Why does spending matter?
Spending across all levels of government now totals a whopping 40% of our gross domestic product. If it had merely kept pace with population growth and inflation during the last 50 years, spending would total less than 25% of what it is today.

Unfortunately, little change is emanating from Washington. Rather than coming together to reduce spending, politicians from both parties shake hands under an implicit agreement of, “I’ll vote for your spending if you vote for mine.”

Spending is key to policy debates because it enables every decision government makes — good and bad. With interest on the debt alone set to quadruple over the next decade, economic reports consistently warn of both an eventual fiscal crisis and upcoming insolvency of major programs.

What is the difference between mandatory and discretionary spending?
Mandatory spending is spending required by statutory criteria: it is not authorized annually. Examples of mandatory spending include Social Security, Medicare, and Medicaid.

Discretionary spending is spending that must be authorized annually and appropriated by the House and Senate. Examples of discretionary spending include Defense, Education, and Transportation allocation.

What spending makes up the biggest parts of the budget?
The largest parts of the budget are made up by mandatory spending. Mandatory spending makes up about 63% of the entire federal budget. Discretionary spending makes up another 29% of the budget, split roughly evenly between Pentagon spending and so-called “non-defense discretionary.” The remaining 6% of the budget is interest payments on the debt.

What about “pork” spending?
“Pork” is often used to describe particularly egregious examples of wasteful spending. All forms of waste, fraud, and abuse are important to tackle, but it’s also worth remembering that, wasteful as it may be, pork spending typically accounts for a small portion of the federal budget and is a minor cause of budgetary deficits.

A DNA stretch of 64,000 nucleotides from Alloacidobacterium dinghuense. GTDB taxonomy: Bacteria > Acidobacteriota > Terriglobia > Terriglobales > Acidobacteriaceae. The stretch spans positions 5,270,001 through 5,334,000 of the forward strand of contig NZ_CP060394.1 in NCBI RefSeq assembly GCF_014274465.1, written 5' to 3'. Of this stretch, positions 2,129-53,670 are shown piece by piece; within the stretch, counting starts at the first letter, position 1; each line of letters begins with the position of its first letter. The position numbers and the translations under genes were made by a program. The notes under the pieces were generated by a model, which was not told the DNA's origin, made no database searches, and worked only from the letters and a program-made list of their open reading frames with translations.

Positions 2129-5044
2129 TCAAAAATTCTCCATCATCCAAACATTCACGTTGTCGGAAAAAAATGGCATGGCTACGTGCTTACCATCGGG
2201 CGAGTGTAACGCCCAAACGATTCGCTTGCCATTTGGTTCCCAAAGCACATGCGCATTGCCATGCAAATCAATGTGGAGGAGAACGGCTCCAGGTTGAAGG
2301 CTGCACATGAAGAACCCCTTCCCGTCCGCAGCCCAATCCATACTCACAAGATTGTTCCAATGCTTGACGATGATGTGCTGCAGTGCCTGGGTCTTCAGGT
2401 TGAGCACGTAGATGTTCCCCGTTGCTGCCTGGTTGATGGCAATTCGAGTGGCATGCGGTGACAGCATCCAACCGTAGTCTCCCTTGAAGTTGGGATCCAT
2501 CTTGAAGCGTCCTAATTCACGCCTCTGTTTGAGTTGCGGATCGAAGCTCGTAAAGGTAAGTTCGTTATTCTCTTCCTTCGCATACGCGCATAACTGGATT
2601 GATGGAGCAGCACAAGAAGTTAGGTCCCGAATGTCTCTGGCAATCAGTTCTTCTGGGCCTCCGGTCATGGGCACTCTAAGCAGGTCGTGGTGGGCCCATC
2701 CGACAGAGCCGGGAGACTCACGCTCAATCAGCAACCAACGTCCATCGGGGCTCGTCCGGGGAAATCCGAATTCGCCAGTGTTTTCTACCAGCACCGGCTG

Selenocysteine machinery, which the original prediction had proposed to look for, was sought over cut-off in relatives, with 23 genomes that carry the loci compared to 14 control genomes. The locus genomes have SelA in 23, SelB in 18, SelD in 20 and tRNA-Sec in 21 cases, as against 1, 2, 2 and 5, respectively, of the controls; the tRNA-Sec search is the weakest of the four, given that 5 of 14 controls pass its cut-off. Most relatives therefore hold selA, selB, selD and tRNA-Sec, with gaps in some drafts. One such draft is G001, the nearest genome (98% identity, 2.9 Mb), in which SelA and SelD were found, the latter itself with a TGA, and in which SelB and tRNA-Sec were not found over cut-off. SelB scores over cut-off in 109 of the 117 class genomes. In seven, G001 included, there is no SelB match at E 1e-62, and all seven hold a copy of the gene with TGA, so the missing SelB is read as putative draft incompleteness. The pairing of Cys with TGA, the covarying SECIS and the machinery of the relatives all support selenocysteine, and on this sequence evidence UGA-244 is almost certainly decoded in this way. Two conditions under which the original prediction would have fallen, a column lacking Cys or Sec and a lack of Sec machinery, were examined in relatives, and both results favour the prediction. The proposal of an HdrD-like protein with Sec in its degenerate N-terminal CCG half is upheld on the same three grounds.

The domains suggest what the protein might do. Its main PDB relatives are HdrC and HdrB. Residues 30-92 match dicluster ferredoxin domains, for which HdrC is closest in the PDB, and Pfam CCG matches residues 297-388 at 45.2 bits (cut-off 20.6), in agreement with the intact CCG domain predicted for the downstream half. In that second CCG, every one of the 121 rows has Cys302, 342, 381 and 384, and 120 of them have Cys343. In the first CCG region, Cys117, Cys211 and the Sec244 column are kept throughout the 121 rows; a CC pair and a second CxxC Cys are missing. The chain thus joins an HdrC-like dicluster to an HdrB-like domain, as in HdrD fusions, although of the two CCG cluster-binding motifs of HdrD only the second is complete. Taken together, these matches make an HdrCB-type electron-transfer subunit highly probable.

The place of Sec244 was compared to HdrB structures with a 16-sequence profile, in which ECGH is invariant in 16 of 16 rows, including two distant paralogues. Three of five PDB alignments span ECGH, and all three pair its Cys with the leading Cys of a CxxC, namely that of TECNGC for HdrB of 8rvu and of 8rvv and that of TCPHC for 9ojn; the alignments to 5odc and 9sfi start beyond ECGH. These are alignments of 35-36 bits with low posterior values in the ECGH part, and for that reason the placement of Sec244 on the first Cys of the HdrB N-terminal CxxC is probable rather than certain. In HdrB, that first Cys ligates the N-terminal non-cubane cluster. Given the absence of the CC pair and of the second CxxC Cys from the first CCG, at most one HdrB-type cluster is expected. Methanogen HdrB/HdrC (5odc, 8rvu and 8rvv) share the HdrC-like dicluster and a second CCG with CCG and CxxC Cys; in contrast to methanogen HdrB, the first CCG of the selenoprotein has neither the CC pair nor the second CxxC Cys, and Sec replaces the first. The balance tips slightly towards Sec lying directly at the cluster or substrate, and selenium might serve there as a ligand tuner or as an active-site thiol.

Should we care about the national debt in addition to spending?
Absolutely. Even if every bit of spending is perfectly justified, it’s still important to consider whether a country can afford public sector programs. Likewise, even if programs are sustainable, goods or services might be better provided by the private businesses or organizations.

Borrowing to pay for programs increases their cost because of interest, and there’s further evidence that accruing a large national debt hampers also hampers income and job growth. While some argue that borrowing costs are minor with interest rates below historical averages, interest rates are projected to rise in the future. Larger interest payments could squeeze other programs out of the budget, or necessitate higher taxes to sustain status quo levels of spending.

Is there a distinction between the national debt and the public debt?
Yes. The national debt is how much a government owes to its lenders that are not affiliated with the federal government.  It includes all federal debt held by individuals, corporations, state or local governments, Federal Reserve Banks, foreign governments, and other entities outside the United States Government.

The public debt often gets confused with the national debt but the national debt refers specifically to debt held by government agencies versus external investors.

Can’t we just raise taxes to pay down the debt?
While it may be possible to raise taxes to pay for new programs, it’s impossible to do so in order to pay off our already existing debt. Current levels of spending are just too high for tax increases alone to address already existing budget shortfalls.